Similarly, it is necessary to assess whether you should recognize some financial liability or not. In most cases, no financial liability related to firm commitments is recognized until the goods are delivered or shipped, depending on Incoterms , and the risks and rewards of ownership have passed. Remember, you have no machine yet. I know that many companies adopted similar practice — they simply book the first payment as debit PPE — machine and credit cash.
It is NOT correct, as there is no machine. In this case, the prepayment of USD 30 for a machine is non-monetary. This means no recalculation. Your statement of financial position will show the prepayment at the historical rate, that is in amount of EUR 22 This is exactly the date when you gain control over the machine. At this point, recognition criteria under IAS16 are met and you can recognize the machine as your own property, plant and equipment.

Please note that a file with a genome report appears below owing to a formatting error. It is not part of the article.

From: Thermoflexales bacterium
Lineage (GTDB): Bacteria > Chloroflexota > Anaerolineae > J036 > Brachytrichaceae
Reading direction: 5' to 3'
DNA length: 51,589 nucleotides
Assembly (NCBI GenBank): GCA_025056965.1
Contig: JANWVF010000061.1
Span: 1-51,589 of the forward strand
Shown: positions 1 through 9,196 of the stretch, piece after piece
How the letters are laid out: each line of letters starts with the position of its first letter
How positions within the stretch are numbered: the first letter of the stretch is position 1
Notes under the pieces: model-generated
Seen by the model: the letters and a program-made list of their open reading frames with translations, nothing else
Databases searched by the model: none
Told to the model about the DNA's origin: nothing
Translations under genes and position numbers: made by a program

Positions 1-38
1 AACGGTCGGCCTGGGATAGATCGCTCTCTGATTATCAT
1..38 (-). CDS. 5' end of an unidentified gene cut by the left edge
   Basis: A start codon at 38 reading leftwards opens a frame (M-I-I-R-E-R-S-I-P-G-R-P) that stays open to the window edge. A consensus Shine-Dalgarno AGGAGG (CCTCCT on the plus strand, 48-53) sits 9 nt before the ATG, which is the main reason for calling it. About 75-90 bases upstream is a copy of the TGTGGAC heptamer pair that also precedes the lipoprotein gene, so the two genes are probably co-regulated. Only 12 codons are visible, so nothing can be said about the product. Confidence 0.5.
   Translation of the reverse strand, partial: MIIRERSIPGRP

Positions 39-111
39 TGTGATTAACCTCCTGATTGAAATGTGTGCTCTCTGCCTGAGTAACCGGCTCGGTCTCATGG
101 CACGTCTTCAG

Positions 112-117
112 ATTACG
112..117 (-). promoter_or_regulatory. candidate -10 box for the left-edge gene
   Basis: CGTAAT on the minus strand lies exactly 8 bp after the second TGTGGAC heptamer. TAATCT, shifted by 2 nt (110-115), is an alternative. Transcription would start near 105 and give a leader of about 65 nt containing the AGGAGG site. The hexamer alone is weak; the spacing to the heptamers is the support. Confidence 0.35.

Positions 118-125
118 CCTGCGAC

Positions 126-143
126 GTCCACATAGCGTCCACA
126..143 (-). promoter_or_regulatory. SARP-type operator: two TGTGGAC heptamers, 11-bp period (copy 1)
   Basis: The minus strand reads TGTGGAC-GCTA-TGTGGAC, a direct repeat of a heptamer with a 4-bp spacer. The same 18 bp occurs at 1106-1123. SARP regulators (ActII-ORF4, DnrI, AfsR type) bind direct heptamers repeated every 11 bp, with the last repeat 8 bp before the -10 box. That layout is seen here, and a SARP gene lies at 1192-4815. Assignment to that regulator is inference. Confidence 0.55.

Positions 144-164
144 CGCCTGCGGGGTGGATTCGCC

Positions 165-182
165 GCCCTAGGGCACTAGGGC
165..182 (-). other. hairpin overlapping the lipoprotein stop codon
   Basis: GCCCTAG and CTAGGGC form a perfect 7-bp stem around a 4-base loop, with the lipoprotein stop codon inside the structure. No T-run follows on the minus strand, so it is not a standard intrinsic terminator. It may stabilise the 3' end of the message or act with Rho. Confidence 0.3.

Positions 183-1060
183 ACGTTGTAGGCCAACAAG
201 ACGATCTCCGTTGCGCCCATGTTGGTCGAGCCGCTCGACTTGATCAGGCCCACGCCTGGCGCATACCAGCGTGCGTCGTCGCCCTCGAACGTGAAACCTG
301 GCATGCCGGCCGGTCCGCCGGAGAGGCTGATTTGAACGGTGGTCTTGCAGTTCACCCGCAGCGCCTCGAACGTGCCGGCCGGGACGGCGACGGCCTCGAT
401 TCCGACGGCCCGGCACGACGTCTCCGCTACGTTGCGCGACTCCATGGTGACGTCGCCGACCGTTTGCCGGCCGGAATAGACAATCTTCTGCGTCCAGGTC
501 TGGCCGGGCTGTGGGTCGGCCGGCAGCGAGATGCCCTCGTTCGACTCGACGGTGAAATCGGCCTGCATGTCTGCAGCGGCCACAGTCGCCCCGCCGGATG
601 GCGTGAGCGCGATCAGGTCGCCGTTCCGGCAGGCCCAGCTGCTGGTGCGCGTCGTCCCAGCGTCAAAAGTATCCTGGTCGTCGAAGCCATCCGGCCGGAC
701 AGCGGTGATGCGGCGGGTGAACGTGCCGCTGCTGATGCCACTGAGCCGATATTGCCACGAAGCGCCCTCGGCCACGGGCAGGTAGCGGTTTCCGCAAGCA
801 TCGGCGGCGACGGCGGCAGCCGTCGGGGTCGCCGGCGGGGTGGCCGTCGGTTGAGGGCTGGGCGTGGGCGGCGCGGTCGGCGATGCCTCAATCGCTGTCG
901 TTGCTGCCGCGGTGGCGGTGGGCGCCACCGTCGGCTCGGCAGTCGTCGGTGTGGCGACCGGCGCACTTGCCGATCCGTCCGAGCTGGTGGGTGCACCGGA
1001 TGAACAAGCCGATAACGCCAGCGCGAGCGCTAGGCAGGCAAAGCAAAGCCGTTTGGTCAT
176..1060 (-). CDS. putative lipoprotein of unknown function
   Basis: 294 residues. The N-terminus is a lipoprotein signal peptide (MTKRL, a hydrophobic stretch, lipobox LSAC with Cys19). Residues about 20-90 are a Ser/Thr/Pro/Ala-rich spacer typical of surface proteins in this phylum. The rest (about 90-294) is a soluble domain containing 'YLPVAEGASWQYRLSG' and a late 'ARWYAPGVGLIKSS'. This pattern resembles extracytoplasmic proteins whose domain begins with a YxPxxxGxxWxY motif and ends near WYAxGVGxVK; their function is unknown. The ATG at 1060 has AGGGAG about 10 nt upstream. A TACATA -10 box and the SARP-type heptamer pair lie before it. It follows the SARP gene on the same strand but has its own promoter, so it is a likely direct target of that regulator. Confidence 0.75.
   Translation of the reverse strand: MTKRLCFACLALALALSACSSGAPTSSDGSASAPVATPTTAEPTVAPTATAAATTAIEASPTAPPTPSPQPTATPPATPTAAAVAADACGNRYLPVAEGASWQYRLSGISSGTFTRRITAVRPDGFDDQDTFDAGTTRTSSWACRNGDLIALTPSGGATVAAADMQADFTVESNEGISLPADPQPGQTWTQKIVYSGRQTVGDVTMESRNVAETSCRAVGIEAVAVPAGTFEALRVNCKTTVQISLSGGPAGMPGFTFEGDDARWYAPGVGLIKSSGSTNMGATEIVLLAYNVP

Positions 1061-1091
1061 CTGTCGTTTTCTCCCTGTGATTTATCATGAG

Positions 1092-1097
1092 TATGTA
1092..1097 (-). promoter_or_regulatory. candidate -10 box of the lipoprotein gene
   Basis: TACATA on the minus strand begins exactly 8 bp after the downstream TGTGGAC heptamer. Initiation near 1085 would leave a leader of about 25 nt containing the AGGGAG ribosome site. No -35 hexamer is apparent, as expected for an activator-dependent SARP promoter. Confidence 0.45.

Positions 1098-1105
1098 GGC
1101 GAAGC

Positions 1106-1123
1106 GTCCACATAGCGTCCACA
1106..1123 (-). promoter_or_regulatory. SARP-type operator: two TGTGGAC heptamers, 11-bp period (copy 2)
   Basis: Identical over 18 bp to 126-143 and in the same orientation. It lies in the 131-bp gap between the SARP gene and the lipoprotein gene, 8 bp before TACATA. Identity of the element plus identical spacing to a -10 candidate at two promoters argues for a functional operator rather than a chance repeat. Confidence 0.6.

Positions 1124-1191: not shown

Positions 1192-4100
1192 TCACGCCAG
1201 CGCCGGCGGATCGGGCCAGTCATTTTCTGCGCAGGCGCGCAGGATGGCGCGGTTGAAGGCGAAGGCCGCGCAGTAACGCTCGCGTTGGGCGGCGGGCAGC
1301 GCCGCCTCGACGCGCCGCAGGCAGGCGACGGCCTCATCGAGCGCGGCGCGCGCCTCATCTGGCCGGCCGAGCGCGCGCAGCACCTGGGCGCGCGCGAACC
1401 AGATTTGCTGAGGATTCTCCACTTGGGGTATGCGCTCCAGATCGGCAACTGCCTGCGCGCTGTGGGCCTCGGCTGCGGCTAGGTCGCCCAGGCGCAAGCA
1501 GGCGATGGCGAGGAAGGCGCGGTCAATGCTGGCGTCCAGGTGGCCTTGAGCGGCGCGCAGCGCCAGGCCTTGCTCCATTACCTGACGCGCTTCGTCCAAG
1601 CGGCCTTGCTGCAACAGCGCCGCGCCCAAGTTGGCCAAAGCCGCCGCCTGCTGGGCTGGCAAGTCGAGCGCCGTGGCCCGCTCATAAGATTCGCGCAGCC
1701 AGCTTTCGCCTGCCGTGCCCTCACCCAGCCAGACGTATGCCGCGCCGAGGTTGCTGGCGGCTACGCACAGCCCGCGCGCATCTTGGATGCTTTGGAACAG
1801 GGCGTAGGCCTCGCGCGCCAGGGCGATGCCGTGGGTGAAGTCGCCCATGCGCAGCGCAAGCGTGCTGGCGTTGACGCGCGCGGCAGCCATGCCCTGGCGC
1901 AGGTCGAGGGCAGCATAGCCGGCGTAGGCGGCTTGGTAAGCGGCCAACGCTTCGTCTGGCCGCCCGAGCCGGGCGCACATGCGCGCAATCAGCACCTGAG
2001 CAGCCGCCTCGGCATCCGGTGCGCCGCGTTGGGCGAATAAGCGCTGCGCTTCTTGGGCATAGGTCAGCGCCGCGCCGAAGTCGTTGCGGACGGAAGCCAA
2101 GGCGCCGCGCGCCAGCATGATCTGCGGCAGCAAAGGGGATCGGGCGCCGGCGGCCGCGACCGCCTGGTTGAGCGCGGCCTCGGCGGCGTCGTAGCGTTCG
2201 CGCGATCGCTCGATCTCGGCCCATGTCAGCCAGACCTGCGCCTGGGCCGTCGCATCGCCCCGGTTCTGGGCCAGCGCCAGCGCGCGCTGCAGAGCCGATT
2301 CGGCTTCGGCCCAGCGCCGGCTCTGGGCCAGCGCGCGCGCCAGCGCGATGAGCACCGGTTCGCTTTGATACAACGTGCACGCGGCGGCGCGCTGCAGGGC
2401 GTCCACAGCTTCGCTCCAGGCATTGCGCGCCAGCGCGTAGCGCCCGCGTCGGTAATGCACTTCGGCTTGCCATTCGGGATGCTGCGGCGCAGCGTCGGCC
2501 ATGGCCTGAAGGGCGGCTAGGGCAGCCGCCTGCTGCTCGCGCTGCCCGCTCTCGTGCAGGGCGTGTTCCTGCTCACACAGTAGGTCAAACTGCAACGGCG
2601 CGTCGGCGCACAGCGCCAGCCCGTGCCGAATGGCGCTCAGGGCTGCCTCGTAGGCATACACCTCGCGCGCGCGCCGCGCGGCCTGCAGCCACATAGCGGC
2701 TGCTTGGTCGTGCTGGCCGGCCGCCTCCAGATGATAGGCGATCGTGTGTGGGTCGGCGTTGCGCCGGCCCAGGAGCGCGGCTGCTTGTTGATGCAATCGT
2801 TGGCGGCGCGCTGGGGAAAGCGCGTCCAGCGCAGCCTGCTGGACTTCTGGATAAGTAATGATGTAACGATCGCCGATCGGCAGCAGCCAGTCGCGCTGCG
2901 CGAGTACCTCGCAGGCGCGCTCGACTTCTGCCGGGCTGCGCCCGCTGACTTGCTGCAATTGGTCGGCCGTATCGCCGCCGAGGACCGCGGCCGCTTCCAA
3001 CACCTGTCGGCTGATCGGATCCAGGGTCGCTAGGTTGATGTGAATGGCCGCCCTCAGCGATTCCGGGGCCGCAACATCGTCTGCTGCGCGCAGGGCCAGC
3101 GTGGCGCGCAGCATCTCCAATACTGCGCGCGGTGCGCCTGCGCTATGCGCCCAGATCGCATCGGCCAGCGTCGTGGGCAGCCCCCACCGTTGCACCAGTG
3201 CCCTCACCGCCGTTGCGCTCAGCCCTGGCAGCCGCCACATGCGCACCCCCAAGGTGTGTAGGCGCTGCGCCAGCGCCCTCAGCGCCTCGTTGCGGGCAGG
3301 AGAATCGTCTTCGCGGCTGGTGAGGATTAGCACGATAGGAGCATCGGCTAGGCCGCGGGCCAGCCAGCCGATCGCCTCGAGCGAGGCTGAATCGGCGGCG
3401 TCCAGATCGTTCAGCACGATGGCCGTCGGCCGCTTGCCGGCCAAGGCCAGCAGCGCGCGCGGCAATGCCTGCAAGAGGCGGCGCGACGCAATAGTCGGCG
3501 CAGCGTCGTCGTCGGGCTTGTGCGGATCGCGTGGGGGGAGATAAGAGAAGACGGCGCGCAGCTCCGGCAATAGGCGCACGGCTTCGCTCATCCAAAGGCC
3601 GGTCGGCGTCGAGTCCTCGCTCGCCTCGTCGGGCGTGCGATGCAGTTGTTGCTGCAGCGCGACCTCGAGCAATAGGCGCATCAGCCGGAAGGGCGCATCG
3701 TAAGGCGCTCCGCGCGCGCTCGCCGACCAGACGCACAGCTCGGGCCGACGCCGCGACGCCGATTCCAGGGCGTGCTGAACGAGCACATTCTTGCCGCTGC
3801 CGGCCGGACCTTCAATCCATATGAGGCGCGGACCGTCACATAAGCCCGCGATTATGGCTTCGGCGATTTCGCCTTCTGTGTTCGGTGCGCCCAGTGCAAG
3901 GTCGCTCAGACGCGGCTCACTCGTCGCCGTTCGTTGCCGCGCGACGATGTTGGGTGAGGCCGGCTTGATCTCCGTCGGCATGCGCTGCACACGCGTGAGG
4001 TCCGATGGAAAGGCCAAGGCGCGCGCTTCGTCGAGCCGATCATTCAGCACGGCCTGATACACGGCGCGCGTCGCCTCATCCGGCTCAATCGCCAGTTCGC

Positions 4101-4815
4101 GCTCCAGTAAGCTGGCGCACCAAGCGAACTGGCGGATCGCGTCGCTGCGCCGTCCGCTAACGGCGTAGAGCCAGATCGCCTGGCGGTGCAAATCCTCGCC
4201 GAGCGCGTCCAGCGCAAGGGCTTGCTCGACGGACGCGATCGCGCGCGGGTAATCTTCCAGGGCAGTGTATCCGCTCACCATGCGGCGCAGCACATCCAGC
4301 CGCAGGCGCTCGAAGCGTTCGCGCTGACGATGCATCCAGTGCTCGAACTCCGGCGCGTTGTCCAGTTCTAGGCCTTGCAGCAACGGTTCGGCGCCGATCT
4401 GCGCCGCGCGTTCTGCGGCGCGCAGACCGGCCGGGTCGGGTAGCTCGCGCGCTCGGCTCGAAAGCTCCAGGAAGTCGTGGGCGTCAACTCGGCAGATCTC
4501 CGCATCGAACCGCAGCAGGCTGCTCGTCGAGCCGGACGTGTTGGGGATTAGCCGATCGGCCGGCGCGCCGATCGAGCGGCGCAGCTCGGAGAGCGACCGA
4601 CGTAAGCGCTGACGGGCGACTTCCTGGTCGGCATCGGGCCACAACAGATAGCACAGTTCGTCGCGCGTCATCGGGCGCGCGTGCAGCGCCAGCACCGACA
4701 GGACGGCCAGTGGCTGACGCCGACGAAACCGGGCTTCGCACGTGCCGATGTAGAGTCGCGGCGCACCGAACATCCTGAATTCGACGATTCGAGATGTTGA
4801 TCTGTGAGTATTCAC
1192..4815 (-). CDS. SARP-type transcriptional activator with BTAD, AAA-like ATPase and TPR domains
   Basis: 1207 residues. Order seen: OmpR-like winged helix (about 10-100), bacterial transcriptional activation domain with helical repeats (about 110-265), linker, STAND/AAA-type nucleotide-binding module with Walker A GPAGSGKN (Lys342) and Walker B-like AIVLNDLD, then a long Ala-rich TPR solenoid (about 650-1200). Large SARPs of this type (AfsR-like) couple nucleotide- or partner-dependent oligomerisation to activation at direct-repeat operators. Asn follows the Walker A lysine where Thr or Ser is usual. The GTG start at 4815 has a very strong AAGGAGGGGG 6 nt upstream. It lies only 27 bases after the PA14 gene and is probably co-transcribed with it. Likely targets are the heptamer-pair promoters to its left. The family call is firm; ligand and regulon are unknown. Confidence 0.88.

In this case, the date of transaction is 15 January 20X2, when a machine was delivered and the delivery gave rise to a financial liability. Cost of a machine is a non-monetary item, too — we recalculate nothing at all and keep it in historical rates. Now you may argue — but, the date when a machine appears in your financial statements is on delivery, so we should recalculate the full amount of USD with the rate applicable on delivery.
Your real cost incurred is USD 30 translated with exchange rate on the date of the first payment and USD 70 translated with exchange rate on the date of delivery. It is your EUR asset. Try to look at it this way: This should be crystal clear. You record your payment with the spot exchange rate on the date of payment and any difference is recognized in profit or loss. Your company functional currency: The deposit will be refunded at the end of rental term.
Here, the situation is a bit different because as a prepayment is refundable, it is a monetary asset. When you make a payment, you translate it using the spot exchange rate at the date of payment. Subsequently, you need to translate it using the closing rate on 31 December 20X1 and recognize any foreign exchange difference in profit or loss.